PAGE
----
Olivia Tollerson shared her story with ITV News' Zahra Errami
"I had sleepless nights, every morning I’d be checking my emails like ‘have I got my accommodation?"
Like many students this week Olivia Tollerson started university, but what should have been a journey of excitement and anticipation of moving into new halls and meeting new friends, has instead been fraught with anxieties and challenges.
"I was speaking to the university, I was speaking to people in accommodation, I was speaking to people in admissions – I spoke to everyone and I was like ‘please, please, please I need to know for my own mental health at this point.'"
Like many, she went through the clearing process, after missing out on her first choice of studying psychology at Manchester University.
She was offered a place through clearing to study psychology at the University of West England.
Olivia was excited to start her university experience at Bristol, applying for her accommodation straight away after she was accepted.
"I’d had the tick on UCAS and been told congratulations you’ve got your place but then I was told, it’s up to you – it's your job to find your accommodation."
After calling and calling for weeks and making multiple enquiries for an update on her application she began to feel anxious and frustrated about the situation, with only a few weeks before her course was due to begin.
"I was really unsettled, I was by myself, and I had people saying take a gap year, look for a job – when for the past two years I’d been working to get to university.
"Everywhere had places on courses – but nowhere had accommodation, and in my mind to have to re-direct my entire future on the basis of ‘someone hasn’t properly worked out the numbers here.'"
"I just thought that that was really unfair."
She soon found out that she wasn’t the only one feeling like this. Comments on a TikTok video she posted warning other students blew up – and she was inundated with comments from people across the country facing the same struggle.
Some students said a similar accommodation problem was happening at the University of Manchester, where some students were offered accommodation in neighbouring cities, miles away from campus.
Others claimed they had even been offered money to give up their accommodation in halls.
And this was clear on Facebook too, where students were tirelessly looking for private house shares, which were often too expensive or very scarce in the area.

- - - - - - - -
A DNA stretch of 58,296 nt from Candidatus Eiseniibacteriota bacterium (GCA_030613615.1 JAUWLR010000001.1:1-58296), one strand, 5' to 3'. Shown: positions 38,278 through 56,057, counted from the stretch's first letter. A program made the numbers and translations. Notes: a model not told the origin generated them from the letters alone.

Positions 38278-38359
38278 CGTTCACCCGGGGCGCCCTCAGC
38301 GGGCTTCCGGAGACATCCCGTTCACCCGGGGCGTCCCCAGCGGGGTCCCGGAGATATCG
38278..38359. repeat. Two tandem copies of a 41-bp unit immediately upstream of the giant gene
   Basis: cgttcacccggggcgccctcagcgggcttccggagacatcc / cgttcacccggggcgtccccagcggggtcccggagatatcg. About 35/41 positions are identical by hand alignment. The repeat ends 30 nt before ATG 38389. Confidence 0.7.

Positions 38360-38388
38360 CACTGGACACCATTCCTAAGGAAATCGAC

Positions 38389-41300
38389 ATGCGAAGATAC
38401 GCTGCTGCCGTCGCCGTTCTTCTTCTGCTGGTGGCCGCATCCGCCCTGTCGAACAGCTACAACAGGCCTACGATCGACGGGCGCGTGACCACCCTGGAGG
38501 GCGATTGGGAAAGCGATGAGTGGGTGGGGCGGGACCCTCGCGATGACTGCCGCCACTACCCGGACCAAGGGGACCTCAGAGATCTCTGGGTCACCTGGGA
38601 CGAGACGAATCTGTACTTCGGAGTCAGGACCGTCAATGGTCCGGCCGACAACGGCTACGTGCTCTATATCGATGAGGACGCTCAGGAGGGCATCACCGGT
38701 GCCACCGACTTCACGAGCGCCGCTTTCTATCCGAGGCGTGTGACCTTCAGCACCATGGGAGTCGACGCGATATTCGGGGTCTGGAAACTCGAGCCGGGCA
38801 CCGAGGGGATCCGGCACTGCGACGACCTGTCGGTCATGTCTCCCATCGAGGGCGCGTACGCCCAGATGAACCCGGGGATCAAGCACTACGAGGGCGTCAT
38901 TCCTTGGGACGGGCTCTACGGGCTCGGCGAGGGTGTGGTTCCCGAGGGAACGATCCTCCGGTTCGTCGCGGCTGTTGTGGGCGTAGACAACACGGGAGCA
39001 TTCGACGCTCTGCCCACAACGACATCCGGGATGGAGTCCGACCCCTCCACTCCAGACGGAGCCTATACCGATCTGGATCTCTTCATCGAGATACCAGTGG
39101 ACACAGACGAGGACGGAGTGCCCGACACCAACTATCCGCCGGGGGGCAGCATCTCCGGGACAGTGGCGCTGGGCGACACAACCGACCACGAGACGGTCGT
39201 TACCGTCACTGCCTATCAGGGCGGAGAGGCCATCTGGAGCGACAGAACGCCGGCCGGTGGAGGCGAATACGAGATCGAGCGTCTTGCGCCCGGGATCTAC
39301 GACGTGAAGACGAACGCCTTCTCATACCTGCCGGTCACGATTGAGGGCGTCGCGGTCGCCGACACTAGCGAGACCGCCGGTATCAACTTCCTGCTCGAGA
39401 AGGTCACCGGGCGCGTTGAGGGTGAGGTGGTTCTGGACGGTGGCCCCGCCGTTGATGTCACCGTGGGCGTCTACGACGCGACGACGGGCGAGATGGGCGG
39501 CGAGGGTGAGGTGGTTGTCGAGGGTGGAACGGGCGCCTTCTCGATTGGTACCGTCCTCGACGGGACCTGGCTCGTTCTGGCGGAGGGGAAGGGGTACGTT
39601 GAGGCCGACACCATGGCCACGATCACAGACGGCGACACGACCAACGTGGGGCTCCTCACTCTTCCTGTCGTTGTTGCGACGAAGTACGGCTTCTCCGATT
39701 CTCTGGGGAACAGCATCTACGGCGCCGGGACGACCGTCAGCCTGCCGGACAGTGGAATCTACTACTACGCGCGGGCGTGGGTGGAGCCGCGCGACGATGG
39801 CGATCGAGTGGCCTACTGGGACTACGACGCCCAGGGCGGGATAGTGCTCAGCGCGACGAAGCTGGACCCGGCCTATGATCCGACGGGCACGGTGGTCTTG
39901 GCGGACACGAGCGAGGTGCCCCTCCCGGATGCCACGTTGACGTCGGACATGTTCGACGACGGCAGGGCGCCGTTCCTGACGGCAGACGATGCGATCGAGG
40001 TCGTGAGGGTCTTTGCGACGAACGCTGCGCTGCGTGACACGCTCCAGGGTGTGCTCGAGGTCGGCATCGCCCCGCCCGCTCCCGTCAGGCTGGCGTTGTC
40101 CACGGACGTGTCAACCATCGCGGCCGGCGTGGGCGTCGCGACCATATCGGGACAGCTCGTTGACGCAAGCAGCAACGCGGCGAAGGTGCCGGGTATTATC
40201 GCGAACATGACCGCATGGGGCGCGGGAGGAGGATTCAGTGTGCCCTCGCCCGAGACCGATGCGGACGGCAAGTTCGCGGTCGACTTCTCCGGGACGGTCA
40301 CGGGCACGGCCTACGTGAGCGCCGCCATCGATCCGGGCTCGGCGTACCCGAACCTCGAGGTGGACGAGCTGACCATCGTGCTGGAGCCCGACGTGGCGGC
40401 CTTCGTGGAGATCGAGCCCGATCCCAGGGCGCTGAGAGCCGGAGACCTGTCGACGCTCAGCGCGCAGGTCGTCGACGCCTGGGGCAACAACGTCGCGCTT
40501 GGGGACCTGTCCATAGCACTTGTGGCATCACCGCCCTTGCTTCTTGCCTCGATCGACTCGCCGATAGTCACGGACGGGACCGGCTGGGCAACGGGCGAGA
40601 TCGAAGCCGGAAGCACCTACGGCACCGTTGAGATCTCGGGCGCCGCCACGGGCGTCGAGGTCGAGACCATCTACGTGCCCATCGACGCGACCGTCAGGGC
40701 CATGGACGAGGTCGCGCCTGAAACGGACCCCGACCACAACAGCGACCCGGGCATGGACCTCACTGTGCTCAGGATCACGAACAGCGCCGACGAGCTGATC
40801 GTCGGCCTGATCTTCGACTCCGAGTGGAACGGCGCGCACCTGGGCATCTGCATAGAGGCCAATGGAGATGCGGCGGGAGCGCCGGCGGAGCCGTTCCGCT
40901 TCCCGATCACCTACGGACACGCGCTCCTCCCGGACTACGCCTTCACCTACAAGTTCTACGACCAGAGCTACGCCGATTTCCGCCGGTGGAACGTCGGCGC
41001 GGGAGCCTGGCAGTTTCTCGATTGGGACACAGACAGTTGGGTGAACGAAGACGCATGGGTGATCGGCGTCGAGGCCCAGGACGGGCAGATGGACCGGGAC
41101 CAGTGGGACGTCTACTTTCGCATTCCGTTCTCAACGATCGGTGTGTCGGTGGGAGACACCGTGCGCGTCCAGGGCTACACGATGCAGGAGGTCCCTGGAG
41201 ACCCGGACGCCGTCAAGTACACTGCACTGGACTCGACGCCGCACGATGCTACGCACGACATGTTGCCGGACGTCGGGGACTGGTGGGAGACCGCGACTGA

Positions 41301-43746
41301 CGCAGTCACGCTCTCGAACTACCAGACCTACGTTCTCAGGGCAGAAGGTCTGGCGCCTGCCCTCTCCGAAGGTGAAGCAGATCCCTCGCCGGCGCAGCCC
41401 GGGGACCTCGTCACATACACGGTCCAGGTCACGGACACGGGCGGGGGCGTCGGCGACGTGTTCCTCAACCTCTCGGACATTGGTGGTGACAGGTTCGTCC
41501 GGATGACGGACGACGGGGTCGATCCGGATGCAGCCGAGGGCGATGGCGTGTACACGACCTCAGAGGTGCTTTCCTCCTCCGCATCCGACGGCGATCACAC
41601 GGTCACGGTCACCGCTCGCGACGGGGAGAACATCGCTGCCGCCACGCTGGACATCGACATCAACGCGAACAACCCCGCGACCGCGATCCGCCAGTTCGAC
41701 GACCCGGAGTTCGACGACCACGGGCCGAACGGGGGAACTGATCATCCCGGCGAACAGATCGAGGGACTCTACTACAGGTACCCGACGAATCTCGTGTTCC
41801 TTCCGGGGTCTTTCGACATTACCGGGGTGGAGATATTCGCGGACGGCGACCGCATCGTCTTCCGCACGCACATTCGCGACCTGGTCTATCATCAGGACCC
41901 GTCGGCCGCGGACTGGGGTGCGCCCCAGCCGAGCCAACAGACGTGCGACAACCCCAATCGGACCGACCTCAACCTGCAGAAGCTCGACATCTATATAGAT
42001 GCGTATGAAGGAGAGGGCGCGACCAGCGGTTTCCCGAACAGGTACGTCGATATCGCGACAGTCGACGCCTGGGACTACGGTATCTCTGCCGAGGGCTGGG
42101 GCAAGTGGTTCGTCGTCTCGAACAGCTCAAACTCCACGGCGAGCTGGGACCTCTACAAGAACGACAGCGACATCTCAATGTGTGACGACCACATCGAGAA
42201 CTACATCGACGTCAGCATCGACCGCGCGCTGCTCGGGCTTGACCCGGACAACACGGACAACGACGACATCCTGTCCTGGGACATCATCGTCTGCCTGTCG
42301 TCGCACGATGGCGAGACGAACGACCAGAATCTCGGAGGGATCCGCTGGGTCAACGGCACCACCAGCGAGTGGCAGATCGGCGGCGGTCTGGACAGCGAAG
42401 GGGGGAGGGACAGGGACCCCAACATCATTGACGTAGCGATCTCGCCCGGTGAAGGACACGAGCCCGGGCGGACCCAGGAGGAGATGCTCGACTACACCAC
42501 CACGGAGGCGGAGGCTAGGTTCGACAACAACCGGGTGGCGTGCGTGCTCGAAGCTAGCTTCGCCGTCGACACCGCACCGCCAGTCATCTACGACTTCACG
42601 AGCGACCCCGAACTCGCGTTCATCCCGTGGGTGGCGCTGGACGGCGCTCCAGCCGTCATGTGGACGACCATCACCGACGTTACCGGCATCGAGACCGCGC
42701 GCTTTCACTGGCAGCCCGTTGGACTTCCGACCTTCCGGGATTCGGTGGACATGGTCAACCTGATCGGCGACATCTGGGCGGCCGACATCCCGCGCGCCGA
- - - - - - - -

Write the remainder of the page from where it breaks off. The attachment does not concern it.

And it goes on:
Olivia, who’s been diagnosed with ADHD, had submitted details of her condition to the university in the hope that they could help in her quest to find accommodation, but was met with the same response.
"Having a university turn round and say, not only are we not taking your needs into consideration – we’re also going to tell you to find your own accommodation, which as someone who struggles with organisation, who’s going through clearing – that's the last thing I needed."
The University of West England eventually offered Olivia a room in Newport, Wales where she’d have to travel almost an hour into Bristol to attend lectures.
In a statement to ITV News, they said a high volume of applications for accommodation this year led to oversubscribed on-campus halls.
"We are sorry the student was unable to find suitable accommodation to study at UWE Bristol and was disappointed by the support they received in seeking housing in the city.
"Bristol has become an increasingly popular city to live in. This, combined with the increasing demand for university places and the rise in the cost of living, has placed additional pressure on our accommodation and the rental market.
"Due to a high volume of applications received for accommodation this year, our on-campus halls became oversubscribed by early June.
“The University supports students without accommodation by working with the Students’ Union to provide them with resources to help secure suitable rooms.
“Our housing waiting list has now reduced significantly, with the vast majority of our students settled in their accommodation for this academic year.”
Olivia decided rather than waiting any longer, to re-enter the clearing process and has accepted a place at Swansea University to study psychology, and after a much shorter wait was given for accommodation in halls.
"You have this idea of universities as these prestigious institutions and that they’ve got all these different courses and you can do such great things – but I’d never thought that accommodation would be an issue.
"Surely, I’m not paying nine grand a year to not have accommodation, when that’s a priority, it’s where somebody lives, it’s their security, it’s their home – and I didn’t have that security for a very long time."
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